Council Chairman Ernie Martin has announced that he won’t run for Honolulu mayor, ending nearly two years of speculation over whether he would challenge incumbent Mayor Kirk Caldwell for that office.
Former Mayor Peter Carlisle, meanwhile, will challenge Caldwell.
Carlisle, who lost his reelection bid in the 2012 primary, filed papers today to run after announcing several weeks ago that he intends to reclaim the city’s top electoral post.
Martin, who would have needed to resign as the Council’s leader to run for mayor, cited the city’s problems on rail and homelessness as key reasons for his decision to stay put.
“I believe that this is the right course of action given the numerous challenges facing Honolulu,” a statement posted to Martin’s website read today. “I have taken the lead in ensuring that the rail project is accountable to how it spends our money and advocated for innovative and community-based solutions in addressing our homelessness crisis.”
“To step-aside for my personal ambitions at a time when these issues continue to demand true leadership would be selfish,” it further read.
Martin’s most recent filings with the state’s Campaign Spending Commission show that he had a campaign war chest of more than $492,000 as of Dec. 31 — funding that he could use in future races. Term limits will prohibit him from running for reelection to the Council in 2018. It remains to be seen what political plans he might have for the future. Martin wasn’t immediately available for comment Monday.
The Council chairman had previously acknowledged that he wanted to be mayor. In August 2014, after cruising handily to reelection, Martin posted a photo on social media of him posing with a large “Ernie Martin Mayor” sign.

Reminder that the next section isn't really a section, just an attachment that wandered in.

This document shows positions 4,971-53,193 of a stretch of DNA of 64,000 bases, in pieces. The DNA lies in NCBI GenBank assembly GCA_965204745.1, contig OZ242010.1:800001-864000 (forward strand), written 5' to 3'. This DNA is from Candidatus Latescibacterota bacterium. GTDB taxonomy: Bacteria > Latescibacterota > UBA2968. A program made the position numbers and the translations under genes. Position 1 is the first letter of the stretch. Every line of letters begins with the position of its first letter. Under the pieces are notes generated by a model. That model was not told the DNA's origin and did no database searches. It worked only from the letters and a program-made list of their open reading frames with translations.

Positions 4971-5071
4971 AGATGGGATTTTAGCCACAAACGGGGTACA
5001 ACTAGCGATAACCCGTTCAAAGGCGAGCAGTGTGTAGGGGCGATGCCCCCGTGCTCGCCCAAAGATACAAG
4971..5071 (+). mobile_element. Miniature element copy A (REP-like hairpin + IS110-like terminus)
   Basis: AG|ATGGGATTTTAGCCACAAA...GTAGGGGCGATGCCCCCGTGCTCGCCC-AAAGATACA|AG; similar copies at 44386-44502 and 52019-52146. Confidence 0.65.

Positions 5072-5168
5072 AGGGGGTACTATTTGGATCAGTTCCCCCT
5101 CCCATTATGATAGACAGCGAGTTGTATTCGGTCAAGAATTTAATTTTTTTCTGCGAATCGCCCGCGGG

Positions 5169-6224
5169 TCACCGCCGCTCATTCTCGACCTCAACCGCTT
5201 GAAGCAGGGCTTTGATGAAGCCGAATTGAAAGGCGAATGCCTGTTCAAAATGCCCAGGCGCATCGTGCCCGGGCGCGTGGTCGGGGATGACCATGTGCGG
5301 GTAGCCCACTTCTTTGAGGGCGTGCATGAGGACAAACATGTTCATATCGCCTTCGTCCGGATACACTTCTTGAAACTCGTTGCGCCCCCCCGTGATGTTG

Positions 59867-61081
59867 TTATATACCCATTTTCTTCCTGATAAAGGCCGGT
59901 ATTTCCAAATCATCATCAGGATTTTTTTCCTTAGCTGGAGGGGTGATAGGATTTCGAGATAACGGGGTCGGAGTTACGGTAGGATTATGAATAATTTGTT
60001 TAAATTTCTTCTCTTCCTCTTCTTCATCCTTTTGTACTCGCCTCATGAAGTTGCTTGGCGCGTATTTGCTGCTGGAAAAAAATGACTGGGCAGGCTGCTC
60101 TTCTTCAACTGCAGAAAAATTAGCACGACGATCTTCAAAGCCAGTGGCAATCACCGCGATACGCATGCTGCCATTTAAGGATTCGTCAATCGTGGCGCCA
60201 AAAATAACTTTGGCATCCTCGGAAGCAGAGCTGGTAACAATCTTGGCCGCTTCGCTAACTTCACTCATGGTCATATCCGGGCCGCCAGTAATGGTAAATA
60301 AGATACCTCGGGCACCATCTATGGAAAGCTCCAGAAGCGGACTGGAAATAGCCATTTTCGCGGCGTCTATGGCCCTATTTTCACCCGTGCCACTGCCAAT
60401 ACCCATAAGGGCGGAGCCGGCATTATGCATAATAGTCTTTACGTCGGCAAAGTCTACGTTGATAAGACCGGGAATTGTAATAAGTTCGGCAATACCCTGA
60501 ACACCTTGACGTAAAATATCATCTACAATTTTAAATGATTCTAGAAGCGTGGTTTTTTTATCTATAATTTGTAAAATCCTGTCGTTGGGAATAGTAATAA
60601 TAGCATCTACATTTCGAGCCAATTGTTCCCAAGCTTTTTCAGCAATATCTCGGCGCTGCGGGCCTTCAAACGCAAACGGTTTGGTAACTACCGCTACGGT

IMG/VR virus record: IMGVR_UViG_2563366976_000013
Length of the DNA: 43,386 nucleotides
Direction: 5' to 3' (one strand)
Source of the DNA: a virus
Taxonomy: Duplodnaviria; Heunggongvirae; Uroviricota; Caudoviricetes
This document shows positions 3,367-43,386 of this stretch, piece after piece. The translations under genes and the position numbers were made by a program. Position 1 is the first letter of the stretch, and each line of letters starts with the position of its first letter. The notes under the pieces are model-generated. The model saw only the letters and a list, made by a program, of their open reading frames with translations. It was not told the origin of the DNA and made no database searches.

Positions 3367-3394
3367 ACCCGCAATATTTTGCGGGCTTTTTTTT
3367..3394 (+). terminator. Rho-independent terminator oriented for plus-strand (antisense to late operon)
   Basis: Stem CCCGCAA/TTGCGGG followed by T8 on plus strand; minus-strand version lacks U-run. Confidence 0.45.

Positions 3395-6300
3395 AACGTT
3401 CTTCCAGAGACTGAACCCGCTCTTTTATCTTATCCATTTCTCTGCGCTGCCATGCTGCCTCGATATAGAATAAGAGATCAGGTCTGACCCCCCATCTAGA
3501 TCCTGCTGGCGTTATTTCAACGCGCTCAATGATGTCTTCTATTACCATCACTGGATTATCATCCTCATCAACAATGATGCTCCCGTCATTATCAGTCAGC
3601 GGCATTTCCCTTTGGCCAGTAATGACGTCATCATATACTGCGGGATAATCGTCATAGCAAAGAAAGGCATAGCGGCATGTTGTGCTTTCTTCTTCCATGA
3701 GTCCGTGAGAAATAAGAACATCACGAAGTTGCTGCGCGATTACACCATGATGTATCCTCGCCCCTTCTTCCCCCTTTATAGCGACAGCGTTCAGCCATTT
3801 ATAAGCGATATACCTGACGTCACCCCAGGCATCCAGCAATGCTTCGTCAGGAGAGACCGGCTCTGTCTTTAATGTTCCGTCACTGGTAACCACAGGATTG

Several days before posting that image, when asked whether he might run for mayor, Martin said that Caldwell had supported Martin’s opponents in recent years, and that “coming in 2016 I’ll be seriously looking to return the favor.”
Caldwell released a statement today on Martin’s decision: “I know it was a difficult decision to make, but I appreciate Chair Martin’s careful consideration and I look forward to working with him over the next two years that he will serve on the Council.”
The decision brings the mayoral race into slightly clearer focus on the eve of the deadline for candidates to file their papers and commit. It remains to be seen what former Lt. Gov. James “Duke” Aiona and former U.S. Rep. Charles Djou will do. Aiona has pulled papers for three races including mayor but hasn’t filed yet.